The Kit Bag's lack of retention is certainly an issue--if you're carrying multiple magazines, reload with one and leave it partially unzipped and then dive into a prone position, you can kiss your magazines (and most of the rest of the contents) goodbye. The need to wrangle zippers is another downside over a dedicated magazine pouch like a Esstac Kywi. On the other hand, the Kit Bag's large pockets make it easy to dump an expended magazine inside for later use.

If you're looking for a dedicated "go-to-war" rifle rig, then I'd go with something designed to that end. But, the kit bag can be pressed into service to carry a spare mag or two, and provide concealment for said magazines, along with a full sized handgun. For carrying a single backup rifle magazine while working the homestead, hunting, scouting or during a localized disaster--when a low profile may be important or a combat load of magazines overkill, the kit bag can work well.

If you're leaning more towards the tactical end of the spectrum, the Recon Kit bag, which features MOLLE webbing on the front, may be worth a look. You can attach mag pouches to the exterior without problem.

A version of the Kit Bag with a MOLLE-lined interior compartment would be an excellent addition to the line.

The kit bag also makes a handy place to carry a fixed blade knife close at hand and concealed. Dummy cord the sheath and it can even make for a fairly fast draw.

If you're going to be stashing a smart phone, GPS or other electronic device in the kit bag during your adventures, I'd recommend adding some kind of waterproof casing for it, just in case. I have a Sealine I-series case for my iPhone, and it has worked flawlessly in protecting the phone from the elements.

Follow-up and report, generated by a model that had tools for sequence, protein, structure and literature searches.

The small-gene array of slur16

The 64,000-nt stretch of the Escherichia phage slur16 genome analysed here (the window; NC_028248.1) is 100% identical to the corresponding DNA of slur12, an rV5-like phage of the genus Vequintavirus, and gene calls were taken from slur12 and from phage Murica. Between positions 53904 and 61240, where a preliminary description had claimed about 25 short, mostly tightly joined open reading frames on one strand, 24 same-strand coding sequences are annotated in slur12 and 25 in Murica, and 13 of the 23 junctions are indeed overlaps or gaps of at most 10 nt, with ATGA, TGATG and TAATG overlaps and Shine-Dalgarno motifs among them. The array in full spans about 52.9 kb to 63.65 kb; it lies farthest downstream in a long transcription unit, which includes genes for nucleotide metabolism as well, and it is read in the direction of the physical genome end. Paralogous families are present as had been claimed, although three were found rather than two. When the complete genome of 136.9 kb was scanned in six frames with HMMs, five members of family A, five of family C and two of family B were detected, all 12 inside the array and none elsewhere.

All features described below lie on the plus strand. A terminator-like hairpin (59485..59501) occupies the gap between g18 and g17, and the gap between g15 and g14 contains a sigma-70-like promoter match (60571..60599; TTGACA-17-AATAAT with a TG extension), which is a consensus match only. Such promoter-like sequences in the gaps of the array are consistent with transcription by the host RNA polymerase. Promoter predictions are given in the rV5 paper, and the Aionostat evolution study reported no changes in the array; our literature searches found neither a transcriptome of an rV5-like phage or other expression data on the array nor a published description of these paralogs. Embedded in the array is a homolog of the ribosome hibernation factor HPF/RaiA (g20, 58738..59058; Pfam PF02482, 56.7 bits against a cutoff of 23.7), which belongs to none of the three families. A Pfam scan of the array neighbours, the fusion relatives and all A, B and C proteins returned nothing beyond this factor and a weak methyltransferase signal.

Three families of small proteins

Of course, while the Kit Bag will conceal your handgun and magazines, context is going to be important in determining how much attention you draw. I would not walk around my local shopping center or into a bank with one on and not expect to turn some heads. But hiking, jogging or yes, bailing out of a disaster zone, I think they will generally blend in with various other outdoorsy packs-type.

If needed and the Kit Bag is not too stuffed to the gills, it can be worn underneath a baggy sweatshirt or jacket. Up close, it looks mildly awkward, but from a distance, you mostly just look 20 pounds fatter. The newer, smaller Snubby kit bag would work better if this level concealment was important to you.

Mine is coyote brown, and in retrospect, I wish I would have gone with Ranger Green - a bit less military looking, in my opinion. I may experiment with some RIT dye and get it an even more boring/subdued color - black. It's not an inexpensive pack though at just over $100, so I'm a bit hesitant to dye it at this point. If anyone has one in RG they'd like to swap, drop me a line.

3 comments :

  1. " And, if you slip, fall, slide, trip, whatever, your handgun is going to stay right there, zipped up safely."

    If you fall on on your hip or lower back when there's a holstered handgun strapped to it, at a minimum it's going to hurt like a mother. Fall with any force and you're probably going to do some damage.

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  2. I have a kit bag also. For me it fills the role of carrying a pistol (and other stuff) while wearing a ruck or as a good way to carry my personal survival kit while camping or whatever. I would wear it hanging around camp no problem but as you said it won't fit in at the mall.

    It is not however a good substitute for a chest rig except the MOLLE one. You can't really secure the mags and if you open the pouch everything can fall out. That is a no go for anything tactical. However if your concerns are more about a spare mag for the 10/22 or AR or a box of ammo for the hunting rifle beating around the bush or whatever it is a viable option.

    The kit bag is a great piece of gear but with a fairly narrow field of use. I got the green one for the reasons you mentioned.